Hello, friends. Do you have a moment to talk about our lord and saviour, William Nylander?
The Hyman-Matthews-Nylander line was great again at 5v5, operating at a clip of 2.07 rel.CF%, 3.87 rel.xGF% which resulted in a 15.01 rel.GF% largely due to a sky high on-ice PDO of 106.25. Unfortunately for both the team and Nylander, Matthews missed about a quarter of the season due to injury and Nylander was shuffled around the lineup during that time. The only other duo Nylander played with for over 50 minutes was Kadri-Komarov and that line wasn’t great, to say the least. In just under 90 minutes together at 5v5, that trio posted a -6.7 rel.CF%, -15.14 rel.xGF% while still posting a positive relative goal share (1.68%) due to, you guessed it, a high on-ice PDO (102.63.) The obvious answer as to why that line struggled is that Komarov was there and he was an absolute boat anchor this year wherever he played in the lineup. It’s also obviously a small sample size so it’s hard to take anything from it other than that William really misses his friend Auston when he’s not around.
Nylander had a big year in terms of point production at 5v5, ranking 30th in the league in P/60 among players with over 500 minutes played, sandwiched between Sebastion Aho (the cute little elf looking one) and Alexander Ovechkin. His 44 5v5 points ranked 25th in the NHL and the only reason his box score totals look nearly identical to his 2016-17 season is a drop off from 26 powerplay points to just 12, likely due to no fault of his own. The second powerplay unit runs through Nylander and Matthews on the half wall and, with Matthews out for 25% of the season, Nylander didn’t have many other weapons. A lot of that drop off likely simply had a lot to due with luck as well, but I dug into that a little deeper back in March.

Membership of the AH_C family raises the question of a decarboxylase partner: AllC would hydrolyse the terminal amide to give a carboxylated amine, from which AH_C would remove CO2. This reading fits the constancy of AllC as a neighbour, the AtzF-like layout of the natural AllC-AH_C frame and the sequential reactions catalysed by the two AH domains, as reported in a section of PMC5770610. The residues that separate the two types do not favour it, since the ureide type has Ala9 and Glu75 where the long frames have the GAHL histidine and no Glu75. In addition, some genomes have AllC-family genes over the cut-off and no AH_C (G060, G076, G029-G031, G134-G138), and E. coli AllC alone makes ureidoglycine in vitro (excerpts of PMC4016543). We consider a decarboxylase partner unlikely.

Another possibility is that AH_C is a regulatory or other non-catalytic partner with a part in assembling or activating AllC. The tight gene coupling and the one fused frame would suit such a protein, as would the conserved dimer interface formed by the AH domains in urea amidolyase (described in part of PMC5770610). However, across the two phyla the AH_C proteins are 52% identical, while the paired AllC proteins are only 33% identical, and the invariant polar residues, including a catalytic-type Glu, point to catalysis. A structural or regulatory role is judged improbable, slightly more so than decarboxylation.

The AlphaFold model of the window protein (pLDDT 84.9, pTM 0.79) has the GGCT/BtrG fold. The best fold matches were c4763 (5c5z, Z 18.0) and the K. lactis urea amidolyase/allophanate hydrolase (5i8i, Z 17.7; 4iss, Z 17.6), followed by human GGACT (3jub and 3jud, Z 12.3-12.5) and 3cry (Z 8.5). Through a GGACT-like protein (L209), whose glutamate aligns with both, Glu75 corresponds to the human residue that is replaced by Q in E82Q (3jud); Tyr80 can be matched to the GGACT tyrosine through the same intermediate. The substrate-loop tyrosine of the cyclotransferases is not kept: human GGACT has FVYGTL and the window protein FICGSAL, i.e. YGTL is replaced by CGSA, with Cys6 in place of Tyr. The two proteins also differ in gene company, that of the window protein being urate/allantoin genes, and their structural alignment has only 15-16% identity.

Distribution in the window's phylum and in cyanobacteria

This is William Nylander. He is good at hockey.
Thanks for reading. pic.twitter.com/Dv7mJ6oKBE
— Ziggy (@Ziggy_14) April 21, 2018
Nylander ranked in the 98th percentile in 5v5 primary assists in 2017-18. That is good. His strength is clearly in his playmaking abilities, which is obviously a good thing for a player playing on the best 5v5 goal scorer in the world’s wing. His individual expected goal scoring rate also implies that he was likely unlucky in terms of his own chances going in the net, which may bode well for the Leafs in contract negotiations. He also ranked in the 84th percentile by Dom Luszczyszyn’s game score, which is comfortably in first line territory. The kid is good at hockey and also everything else, probably.
If you’re going to ask me to subjectively rank my son, this is what you’re going to get ten times out of ten.
Season Highlight (s)
I obviously couldn’t pick just one, so instead I mashed together a bunch of clips I had on my laptop this year into one video. Enjoy this elegant boy.
We all know the focus right now is on signing his new contract, which Matt Cane’s contract predictor has him signing for five years at seven million per. The dollar amount is almost certainly going to fall into the 6-7 million range, the only question is the term. The Leafs will likely look to lock him up long term as the cap will likely continue to rise and a bridge deal would likely lead to them having to pay him much more in a couple years. Watch for the announcement via @LeafsPR in the coming days (hopefully.)
— jake gardiner supporter (@DylanFremlin) January 21, 2018